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Published December 5th 2018
Something to do on Yorke
One of the largest towns on the Yorke Peninsula, Ardrossan offers a variety of things for people to do. From beaches to playgrounds, swimming to fishing, at Ardrossan and surrounding towns, you will find a myriad of activities for people of all ages.
One of the more hidden things is the Ardrossan Museum.
Until the era of the depression, Ardrossan was the site of the factories that manufactured the famous stump jump plough. The museum is located in buildings associated with that factory – the powerhouse. For a modest cost ($5 for adults and $2 for children), visitors can go in and have a look at many wonders of a bygone age.
This is a history museum. It is not huge, but it is certainly large enough. And it is fascinating.
There are a number of rooms. One is dedicated to the sperm whales washed up in the area in 2014. It is interesting if only for the fact the bodies were simply buried where they fell. And, apparently, the odour was pungent.
There is a room dedicated to the wreck of the Zanoni, which sank on its maiden voyage and was not rediscovered for over a hundred years. It is now a protected site and is the most intact vessel of its era in South Australian waters.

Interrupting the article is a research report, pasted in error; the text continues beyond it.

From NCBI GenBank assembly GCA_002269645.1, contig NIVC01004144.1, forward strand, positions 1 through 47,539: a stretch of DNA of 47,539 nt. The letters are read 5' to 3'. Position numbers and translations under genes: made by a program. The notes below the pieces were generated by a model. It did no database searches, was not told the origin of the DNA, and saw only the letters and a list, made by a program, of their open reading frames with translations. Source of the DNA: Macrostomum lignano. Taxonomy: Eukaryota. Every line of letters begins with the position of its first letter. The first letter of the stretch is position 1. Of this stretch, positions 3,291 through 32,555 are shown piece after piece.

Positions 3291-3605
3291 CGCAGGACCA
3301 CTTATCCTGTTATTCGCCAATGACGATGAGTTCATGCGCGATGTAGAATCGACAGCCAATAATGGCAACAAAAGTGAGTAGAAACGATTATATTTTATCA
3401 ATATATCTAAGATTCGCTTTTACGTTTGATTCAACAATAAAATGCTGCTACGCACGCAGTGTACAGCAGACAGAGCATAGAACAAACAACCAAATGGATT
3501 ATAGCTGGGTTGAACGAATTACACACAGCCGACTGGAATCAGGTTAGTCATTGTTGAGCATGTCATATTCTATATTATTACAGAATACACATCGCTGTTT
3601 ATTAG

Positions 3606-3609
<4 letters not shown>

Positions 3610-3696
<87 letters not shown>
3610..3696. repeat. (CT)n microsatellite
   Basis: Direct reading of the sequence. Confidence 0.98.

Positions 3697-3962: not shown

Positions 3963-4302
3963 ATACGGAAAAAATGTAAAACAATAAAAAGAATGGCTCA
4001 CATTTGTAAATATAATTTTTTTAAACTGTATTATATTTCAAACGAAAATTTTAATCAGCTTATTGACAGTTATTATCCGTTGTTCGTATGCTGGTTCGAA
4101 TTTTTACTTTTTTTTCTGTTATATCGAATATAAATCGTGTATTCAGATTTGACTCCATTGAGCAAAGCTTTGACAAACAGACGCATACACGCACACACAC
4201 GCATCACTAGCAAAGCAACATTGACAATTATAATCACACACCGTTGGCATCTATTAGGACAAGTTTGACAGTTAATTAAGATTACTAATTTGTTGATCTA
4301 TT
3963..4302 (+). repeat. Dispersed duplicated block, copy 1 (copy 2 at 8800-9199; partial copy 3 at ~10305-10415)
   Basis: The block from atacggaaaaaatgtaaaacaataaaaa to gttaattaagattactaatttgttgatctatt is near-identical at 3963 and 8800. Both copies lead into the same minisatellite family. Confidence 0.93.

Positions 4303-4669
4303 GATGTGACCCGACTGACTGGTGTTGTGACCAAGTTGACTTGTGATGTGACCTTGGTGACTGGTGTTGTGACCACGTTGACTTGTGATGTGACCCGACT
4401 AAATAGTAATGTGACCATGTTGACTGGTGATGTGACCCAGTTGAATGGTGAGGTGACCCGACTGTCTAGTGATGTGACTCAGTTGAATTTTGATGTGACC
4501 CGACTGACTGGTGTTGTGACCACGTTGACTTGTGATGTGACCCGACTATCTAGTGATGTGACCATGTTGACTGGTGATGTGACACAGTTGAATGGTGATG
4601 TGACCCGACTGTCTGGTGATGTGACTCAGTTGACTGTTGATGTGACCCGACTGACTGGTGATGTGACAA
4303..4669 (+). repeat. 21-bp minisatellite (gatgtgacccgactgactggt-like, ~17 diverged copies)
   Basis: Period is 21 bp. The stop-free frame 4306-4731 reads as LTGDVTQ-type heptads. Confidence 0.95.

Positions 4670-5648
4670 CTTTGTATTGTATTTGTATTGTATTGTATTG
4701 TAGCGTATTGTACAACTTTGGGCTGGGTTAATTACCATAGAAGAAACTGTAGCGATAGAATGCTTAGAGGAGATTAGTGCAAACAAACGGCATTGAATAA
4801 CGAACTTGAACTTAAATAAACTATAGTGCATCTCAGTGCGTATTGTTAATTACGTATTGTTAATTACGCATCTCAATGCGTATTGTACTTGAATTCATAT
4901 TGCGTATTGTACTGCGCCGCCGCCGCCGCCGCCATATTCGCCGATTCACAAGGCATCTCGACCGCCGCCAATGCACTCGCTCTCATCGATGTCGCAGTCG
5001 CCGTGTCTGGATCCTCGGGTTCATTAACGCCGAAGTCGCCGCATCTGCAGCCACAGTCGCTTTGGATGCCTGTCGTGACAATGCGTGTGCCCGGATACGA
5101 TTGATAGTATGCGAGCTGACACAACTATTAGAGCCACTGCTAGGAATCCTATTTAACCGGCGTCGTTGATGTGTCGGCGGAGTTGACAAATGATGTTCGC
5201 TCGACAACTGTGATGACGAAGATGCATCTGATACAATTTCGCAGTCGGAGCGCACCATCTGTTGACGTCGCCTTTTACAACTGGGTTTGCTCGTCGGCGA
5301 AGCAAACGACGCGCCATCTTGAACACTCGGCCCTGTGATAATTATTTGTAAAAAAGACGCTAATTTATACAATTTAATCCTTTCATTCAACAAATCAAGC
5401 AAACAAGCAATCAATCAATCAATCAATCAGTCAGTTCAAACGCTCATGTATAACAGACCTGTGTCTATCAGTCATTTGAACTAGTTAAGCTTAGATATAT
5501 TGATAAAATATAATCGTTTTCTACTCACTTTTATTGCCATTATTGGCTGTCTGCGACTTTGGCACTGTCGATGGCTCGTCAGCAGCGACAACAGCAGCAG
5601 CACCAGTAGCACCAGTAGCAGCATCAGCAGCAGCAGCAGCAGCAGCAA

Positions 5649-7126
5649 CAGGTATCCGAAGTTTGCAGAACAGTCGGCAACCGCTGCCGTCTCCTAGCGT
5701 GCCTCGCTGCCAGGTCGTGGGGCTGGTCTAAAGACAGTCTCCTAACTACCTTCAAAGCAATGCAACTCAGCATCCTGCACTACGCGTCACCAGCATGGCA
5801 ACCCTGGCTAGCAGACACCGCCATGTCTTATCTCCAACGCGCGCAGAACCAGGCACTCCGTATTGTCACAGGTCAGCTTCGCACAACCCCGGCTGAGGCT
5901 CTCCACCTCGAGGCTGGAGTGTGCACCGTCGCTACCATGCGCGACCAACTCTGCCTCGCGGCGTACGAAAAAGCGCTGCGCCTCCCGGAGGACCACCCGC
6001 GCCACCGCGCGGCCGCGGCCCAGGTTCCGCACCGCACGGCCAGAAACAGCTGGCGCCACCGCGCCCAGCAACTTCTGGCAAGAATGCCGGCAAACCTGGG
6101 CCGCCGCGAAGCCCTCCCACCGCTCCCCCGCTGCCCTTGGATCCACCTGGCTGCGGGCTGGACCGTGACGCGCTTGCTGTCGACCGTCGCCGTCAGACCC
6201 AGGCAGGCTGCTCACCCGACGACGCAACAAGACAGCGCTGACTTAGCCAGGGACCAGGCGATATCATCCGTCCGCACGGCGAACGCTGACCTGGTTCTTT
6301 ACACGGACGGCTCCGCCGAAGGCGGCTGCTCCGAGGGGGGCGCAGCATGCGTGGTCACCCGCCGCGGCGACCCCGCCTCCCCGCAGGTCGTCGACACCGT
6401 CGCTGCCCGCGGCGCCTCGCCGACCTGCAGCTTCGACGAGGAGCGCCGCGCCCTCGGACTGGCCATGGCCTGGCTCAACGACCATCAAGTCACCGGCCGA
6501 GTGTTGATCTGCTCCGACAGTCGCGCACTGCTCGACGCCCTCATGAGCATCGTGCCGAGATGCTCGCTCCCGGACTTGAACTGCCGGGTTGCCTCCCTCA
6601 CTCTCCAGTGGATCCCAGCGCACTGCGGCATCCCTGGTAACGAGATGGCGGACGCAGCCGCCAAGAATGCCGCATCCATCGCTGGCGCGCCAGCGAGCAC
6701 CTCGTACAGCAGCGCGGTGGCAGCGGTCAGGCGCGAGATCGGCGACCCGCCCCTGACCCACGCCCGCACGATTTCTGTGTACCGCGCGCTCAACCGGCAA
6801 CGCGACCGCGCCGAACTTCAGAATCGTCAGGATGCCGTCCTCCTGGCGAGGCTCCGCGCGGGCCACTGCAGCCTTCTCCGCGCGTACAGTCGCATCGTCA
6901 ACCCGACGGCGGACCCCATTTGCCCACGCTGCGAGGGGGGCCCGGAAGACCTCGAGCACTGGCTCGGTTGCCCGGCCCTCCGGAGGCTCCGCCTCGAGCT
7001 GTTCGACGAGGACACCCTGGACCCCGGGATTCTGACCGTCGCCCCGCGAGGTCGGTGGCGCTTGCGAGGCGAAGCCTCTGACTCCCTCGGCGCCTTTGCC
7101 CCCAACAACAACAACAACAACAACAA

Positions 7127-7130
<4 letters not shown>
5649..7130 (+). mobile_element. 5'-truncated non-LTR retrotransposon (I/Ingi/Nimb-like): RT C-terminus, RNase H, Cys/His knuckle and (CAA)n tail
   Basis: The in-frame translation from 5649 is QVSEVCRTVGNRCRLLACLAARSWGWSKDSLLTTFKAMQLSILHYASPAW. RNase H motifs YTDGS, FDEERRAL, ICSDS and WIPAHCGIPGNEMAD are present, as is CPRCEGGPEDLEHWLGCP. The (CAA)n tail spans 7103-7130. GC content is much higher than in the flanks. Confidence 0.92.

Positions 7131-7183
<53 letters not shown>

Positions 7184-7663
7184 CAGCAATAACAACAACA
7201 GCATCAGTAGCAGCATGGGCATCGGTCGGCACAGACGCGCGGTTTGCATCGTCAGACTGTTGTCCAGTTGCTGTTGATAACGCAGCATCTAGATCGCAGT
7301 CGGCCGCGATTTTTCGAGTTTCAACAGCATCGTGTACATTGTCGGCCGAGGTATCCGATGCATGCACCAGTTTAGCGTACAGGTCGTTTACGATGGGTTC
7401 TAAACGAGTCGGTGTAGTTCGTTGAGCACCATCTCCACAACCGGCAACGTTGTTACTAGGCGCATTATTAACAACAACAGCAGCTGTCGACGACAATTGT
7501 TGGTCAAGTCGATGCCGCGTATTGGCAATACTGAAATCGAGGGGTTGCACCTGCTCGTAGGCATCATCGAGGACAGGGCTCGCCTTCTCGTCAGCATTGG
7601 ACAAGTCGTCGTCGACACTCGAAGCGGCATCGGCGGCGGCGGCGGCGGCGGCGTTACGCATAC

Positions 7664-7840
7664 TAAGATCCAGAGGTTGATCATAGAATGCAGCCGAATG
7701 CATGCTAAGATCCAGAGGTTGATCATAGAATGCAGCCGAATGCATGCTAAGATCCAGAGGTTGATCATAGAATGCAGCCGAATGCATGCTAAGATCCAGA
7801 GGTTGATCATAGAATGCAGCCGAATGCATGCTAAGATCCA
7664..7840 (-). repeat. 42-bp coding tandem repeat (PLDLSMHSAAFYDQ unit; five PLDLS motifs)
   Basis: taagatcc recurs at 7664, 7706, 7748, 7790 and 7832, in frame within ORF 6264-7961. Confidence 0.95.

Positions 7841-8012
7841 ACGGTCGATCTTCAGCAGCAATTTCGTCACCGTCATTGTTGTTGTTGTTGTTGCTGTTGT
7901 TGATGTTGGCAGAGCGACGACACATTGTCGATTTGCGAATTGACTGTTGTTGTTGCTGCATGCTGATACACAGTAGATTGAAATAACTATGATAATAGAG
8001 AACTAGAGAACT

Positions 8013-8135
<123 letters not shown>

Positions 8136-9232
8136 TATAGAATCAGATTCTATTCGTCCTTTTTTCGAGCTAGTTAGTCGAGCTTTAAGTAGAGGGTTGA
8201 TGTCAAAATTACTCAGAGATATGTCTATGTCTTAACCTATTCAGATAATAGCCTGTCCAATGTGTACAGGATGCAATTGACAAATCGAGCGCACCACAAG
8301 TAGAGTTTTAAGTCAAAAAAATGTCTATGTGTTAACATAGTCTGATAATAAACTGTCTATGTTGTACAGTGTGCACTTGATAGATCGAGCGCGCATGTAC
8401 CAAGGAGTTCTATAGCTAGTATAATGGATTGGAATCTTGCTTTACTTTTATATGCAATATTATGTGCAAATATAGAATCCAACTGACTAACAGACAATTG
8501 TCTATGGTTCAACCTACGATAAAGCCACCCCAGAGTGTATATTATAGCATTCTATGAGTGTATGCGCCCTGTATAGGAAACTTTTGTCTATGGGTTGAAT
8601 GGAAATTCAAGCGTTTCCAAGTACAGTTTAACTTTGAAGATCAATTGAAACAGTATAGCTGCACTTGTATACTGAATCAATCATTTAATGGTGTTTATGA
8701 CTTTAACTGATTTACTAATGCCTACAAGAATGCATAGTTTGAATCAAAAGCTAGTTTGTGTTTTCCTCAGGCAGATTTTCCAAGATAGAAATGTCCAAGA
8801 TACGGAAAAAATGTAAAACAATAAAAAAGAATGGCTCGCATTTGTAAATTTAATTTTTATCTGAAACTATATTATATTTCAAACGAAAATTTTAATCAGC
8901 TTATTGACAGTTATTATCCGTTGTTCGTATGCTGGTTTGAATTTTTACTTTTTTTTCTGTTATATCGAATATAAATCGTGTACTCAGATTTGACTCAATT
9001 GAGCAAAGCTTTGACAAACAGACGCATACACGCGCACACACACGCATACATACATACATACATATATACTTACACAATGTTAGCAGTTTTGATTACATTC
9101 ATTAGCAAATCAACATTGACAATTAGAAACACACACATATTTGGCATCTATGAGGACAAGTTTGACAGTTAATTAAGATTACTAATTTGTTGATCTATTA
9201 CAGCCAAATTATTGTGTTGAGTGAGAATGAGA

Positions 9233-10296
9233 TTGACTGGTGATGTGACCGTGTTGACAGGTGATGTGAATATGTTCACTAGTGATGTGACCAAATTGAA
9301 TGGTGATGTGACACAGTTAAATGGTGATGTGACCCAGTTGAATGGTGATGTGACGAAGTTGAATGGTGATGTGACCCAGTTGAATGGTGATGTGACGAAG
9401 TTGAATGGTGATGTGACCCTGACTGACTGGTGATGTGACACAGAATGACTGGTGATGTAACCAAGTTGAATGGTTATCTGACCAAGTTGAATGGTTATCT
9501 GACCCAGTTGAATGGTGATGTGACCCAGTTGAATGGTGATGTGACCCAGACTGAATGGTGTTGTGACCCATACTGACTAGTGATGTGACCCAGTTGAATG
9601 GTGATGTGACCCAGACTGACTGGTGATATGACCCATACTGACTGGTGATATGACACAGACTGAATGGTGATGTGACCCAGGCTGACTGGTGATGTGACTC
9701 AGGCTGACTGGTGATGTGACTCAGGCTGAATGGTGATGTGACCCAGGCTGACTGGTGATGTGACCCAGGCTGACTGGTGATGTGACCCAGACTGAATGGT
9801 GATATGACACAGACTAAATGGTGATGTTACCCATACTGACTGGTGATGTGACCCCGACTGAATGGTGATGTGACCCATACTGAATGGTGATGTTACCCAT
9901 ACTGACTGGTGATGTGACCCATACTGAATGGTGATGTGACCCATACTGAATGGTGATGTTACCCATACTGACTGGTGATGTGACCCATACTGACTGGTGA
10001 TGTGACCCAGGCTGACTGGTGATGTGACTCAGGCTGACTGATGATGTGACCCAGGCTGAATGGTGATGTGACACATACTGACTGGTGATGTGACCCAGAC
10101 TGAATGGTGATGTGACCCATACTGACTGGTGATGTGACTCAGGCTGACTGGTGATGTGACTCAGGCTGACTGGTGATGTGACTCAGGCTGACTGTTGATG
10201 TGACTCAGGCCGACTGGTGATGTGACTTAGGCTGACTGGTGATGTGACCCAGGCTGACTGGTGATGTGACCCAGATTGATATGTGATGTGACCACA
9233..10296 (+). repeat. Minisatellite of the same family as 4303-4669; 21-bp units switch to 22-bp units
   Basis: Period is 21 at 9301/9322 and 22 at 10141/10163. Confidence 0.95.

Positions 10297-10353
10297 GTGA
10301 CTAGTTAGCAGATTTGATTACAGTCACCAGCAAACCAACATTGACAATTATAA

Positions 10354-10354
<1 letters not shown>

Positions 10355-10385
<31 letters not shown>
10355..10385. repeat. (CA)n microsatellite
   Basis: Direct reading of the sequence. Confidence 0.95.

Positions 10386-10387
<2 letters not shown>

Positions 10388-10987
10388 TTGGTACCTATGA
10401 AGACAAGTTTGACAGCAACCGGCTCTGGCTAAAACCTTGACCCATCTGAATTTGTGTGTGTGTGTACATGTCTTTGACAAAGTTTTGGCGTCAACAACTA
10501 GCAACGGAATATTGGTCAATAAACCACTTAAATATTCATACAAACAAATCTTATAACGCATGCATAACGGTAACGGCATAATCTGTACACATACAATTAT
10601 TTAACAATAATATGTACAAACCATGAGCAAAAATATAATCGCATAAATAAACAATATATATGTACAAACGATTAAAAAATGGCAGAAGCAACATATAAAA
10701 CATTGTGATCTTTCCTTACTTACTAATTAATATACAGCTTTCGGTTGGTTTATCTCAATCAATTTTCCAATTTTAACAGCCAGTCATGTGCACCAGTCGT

Then there is a large room filled with all manner of artefacts from times past. From things as simple as manual typewriters and tube radios to clothing and kitchen wares. There is even a wheelchair and a birthing table!
The next room contains the stump jump plough and a lot of photos and blueprints and paperwork. Everything about this amazing device can be found and seen. And finally, there is a room filled with machinery, including a fascinating horse-drawn fire cart.
Outside are more examples of machinery and an old Harbourmaster's Office done as a General Store (closed when I went through).
One thing that really sets this place apart is the labelling. Many items are clearly labelled, with the result that you know what you are looking at. And, if not, the volunteers (from the Ardrossan branch of the National Trust of SA) will be more than happy to help. The ones I encountered were cheerful chatty and very helpful.
And then, once it is all over, there are souvenirs to look at, and – as it doubles as the Visitor Centre – brochures to help you find other things to do in the area.
I do understand that history museums are not for everyone, but I do like them, and this is certainly one of the better smaller museums I have come across. I spent a couple of hours looking around at everything, taking photos, reading blueprints and other bits and pieces and just marvelling at everything on display.